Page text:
2018 Volume 67 Issue 1 Pages 59-70
Objectives: The aims of this study are (1) to review the Pregnancy and Birth Survey section of the Fukushima Health Management Survey (FHMS); (2) to clarify the proportion of anxieties felt by mothers from Fukushima that relate to radiation exposure as a stigma in society, and also to identify associated factors; and (3) to explore the attitudes of future mothers from the region in regard to childbirth by developing a new scale, known as the “Fukushima Future Parents Attitude Measure (FPAM).
Methods: (1) We reviewed 11 studies that reported using the FHMS Pregnancy and Birth Survey to determine the health of infants and mothers. (2) To analyze levels of anxiety, we used the data from a 2011 baseline survey and its 2015 follow-up, ascertaining the mothers' subjective health, depressive symptoms, maternal confidence, and anxieties regarding radiation exposure. (3) Finally, to achieve our third aim, we distributed a questionnaire to all 310 students at a women's college in Fukushima Prefecture.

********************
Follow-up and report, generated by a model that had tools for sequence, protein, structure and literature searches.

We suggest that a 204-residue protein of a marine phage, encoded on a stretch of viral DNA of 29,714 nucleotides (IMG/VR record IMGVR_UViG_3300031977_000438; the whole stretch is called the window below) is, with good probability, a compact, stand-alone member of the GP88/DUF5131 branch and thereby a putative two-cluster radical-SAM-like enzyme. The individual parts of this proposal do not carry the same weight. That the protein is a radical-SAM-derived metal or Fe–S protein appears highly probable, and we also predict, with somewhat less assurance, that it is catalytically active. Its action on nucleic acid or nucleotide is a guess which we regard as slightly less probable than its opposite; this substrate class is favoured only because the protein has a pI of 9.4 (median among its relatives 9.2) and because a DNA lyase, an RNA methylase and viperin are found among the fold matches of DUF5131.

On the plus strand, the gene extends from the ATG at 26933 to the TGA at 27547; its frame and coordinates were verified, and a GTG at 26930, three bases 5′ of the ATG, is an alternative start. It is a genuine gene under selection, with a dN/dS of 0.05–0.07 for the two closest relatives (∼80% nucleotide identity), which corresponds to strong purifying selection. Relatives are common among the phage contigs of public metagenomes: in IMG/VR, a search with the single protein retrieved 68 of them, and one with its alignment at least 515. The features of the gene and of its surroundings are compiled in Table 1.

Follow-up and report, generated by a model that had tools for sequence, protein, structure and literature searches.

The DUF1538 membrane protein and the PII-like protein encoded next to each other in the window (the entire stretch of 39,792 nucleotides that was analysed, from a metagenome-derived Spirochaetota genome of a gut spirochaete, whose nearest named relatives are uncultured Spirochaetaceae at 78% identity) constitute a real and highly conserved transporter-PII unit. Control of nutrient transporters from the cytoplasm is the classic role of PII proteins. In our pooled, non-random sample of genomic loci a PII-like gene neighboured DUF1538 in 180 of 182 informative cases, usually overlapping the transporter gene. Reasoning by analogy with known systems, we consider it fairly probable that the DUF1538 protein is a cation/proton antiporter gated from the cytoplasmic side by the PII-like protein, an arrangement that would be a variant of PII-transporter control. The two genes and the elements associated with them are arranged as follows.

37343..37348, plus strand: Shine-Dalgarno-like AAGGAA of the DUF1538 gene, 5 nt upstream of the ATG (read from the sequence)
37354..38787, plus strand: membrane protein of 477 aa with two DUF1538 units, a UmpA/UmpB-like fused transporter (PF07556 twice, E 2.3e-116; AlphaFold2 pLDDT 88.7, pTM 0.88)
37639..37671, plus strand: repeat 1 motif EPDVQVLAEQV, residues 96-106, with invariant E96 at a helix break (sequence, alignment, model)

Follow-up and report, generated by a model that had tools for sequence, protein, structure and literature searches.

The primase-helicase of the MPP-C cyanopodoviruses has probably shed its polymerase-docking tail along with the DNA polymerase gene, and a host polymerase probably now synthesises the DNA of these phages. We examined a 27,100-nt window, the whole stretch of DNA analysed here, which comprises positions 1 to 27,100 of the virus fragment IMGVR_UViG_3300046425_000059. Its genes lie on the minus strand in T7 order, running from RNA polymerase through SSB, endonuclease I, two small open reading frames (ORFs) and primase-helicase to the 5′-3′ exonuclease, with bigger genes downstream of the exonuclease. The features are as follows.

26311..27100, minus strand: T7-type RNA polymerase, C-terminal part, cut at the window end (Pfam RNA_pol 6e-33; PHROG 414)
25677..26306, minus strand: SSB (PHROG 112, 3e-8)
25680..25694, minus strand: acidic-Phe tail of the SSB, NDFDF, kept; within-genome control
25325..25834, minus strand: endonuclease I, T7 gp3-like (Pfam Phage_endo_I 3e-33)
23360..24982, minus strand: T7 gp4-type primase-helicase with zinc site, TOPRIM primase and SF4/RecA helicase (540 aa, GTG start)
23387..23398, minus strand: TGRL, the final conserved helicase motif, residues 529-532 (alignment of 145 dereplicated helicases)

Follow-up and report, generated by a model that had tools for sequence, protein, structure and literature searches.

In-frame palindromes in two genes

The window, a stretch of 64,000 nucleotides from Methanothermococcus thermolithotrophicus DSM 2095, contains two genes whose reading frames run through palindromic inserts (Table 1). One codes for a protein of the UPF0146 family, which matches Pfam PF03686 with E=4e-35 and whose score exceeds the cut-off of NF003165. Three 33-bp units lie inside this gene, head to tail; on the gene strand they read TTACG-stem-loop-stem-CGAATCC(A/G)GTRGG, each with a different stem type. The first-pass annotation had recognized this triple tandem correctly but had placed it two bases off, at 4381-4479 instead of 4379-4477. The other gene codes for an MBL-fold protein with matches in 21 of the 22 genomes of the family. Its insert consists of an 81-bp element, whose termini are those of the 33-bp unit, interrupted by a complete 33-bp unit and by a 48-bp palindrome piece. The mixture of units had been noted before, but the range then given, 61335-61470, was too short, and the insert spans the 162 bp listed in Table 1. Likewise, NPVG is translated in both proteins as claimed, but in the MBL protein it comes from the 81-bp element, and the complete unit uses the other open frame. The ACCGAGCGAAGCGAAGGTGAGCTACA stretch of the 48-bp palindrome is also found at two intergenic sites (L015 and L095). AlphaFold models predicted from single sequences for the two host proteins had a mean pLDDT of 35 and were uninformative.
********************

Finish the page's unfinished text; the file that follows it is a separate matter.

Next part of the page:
Results: (1) Analyses of FHMS data showed that the Fukushima nuclear accident did not affect pregnancy outcomes, but did affect maternal mental health. (2) An examination of the surveys of mothers' mental health revealed that 974 mothers (41.2%) reported having feelings of anxiety associated with the stigma of radiation exposure. In particular, maternal age, depressive symptoms, receiving antenatal care as scheduled, and post-quake medical history were significantly associated with a higher proportion of anxieties related to this stigma. (3) Exploratory and confirmatory factor analyses were conducted, allowing us to identify two Factors: “caring for a baby” (three items) and “giving birth to a baby” (three items). Both factors correlated with the students' quality of life, self-efficacy, and self-esteem scales, and the factor, “giving birth to a baby,” also correlated with radiation-related risk perception.
Conclusions: The FHMS highlighted the importance of providing mental health support to the mothers of young children. It should be particularly noted that over 40 percent of mothers in the follow-up study in 2015 had anxieties about being stigmatized for their radioactive exposure. In addition, young women's attitudes toward future pregnancy, as measured by the FPAM, are associated with their radiation risk perception.